Joyce Bennell, Head of Private Client Legal Services at Edgbaston firm Rubric Lois King, discusses the government response to inadequate social care provision
It is now over two years since the government announced its intention to publish a report on social care. The fifth deadline for its publication has just passed with no sign of it. Meanwhile, the need for social care continues to grow.
Social Care and an Ageing Population
Forecasts show that by 2037 one in four of the population will be over 65. Conditions, such as Alzheimer’s, are on the increase as people are living longer. At the same time, it seems that very few people are making provision for their care in later life. According to independent research by the Anchor Hanover Group (England’s largest provider of care and housing for older people) just 14% of us have made provision for when or if we lose the ability to care for ourselves.
Social Care Solutions
Social care is a different issue from health care and covers a wide range of services. It varies from very basic support to greater, in-depth management. For instance, to enable a person to remain in their own home or to provide care for someone with complex problems. For manifold reasons the current system needs to change. Suggested options include higher taxation to fund the care required, or alternatively an insurance-based system. Neither is likely to be popular with the electorate.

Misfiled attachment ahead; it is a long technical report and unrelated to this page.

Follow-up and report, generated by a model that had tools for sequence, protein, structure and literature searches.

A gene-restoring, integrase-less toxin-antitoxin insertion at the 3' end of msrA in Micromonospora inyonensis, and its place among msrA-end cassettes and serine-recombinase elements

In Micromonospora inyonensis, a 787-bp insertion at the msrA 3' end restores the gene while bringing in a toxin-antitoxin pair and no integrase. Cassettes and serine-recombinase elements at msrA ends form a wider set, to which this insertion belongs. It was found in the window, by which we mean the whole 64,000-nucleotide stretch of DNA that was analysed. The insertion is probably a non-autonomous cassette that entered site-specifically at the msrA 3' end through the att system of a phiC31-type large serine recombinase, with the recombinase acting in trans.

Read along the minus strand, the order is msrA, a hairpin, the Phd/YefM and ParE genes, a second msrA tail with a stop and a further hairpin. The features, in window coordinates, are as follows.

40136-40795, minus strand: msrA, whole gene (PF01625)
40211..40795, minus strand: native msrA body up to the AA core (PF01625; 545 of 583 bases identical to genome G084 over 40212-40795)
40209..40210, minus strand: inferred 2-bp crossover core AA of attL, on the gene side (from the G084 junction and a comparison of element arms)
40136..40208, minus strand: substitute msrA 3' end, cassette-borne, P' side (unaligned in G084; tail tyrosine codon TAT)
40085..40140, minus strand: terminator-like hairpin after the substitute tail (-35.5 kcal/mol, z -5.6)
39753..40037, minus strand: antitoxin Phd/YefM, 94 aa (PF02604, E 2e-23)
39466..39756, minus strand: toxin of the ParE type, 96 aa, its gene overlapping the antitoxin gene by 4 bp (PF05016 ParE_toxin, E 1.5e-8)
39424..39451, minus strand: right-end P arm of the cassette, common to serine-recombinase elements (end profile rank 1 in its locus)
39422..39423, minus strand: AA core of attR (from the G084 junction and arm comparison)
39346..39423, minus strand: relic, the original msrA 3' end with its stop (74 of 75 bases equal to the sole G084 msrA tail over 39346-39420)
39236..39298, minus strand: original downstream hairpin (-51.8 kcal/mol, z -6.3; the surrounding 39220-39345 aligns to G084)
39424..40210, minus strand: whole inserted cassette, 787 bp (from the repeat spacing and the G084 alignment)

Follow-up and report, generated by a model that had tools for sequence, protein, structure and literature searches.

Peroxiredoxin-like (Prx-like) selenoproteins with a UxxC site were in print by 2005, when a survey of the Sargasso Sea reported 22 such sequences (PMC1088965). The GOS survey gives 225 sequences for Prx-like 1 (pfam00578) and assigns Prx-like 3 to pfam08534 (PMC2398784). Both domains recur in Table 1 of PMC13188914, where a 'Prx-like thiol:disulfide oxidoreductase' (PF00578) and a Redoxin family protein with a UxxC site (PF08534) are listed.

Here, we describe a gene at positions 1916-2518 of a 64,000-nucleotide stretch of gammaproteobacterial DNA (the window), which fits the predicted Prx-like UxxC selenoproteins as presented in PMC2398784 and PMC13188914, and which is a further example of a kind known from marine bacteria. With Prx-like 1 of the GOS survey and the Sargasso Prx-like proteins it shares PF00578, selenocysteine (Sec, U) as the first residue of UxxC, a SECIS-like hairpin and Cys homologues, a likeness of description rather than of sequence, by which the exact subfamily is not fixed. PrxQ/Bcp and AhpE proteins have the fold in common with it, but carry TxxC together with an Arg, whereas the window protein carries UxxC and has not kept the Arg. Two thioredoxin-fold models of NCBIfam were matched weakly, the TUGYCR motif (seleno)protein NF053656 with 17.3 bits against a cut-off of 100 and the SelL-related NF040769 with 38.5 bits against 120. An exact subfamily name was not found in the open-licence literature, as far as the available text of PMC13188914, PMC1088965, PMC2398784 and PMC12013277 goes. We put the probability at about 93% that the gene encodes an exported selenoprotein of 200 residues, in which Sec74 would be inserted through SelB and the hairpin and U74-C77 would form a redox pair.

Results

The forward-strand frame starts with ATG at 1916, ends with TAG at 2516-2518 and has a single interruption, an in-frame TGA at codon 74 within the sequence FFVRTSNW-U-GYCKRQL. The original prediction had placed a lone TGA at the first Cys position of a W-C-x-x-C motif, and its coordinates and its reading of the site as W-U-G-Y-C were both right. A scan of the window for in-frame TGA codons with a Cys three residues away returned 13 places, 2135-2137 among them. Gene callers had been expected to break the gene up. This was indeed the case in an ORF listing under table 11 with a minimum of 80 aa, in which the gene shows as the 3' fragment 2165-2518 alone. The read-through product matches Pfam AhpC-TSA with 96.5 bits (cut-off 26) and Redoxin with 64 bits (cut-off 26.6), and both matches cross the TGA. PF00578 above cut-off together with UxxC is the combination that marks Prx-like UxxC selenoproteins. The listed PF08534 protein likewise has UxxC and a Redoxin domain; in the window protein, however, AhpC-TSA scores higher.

Social Insurance Schemes
As the world’s population ages, other countries are facing similar situations. For example, according to The Guardian, China is getting old before it gets rich. In Germany and Japan social insurance schemes have already been implemented. China is also introducing a prototype insurance system.
Technology and Social Care
Technology may well be part of the solution and will play a vital role in future care delivery. This is likely to include monitoring and safeguarding dementia sufferers who are prone to wandering off.
When the government finally publishes the Social Care Green Paper, it will hopefully propose a radical overhaul of the current system and how it is funded. This will inevitably mean people having to contribute more, in one way or another, towards later life care. But the most important message is things certainly can’t continue as they are.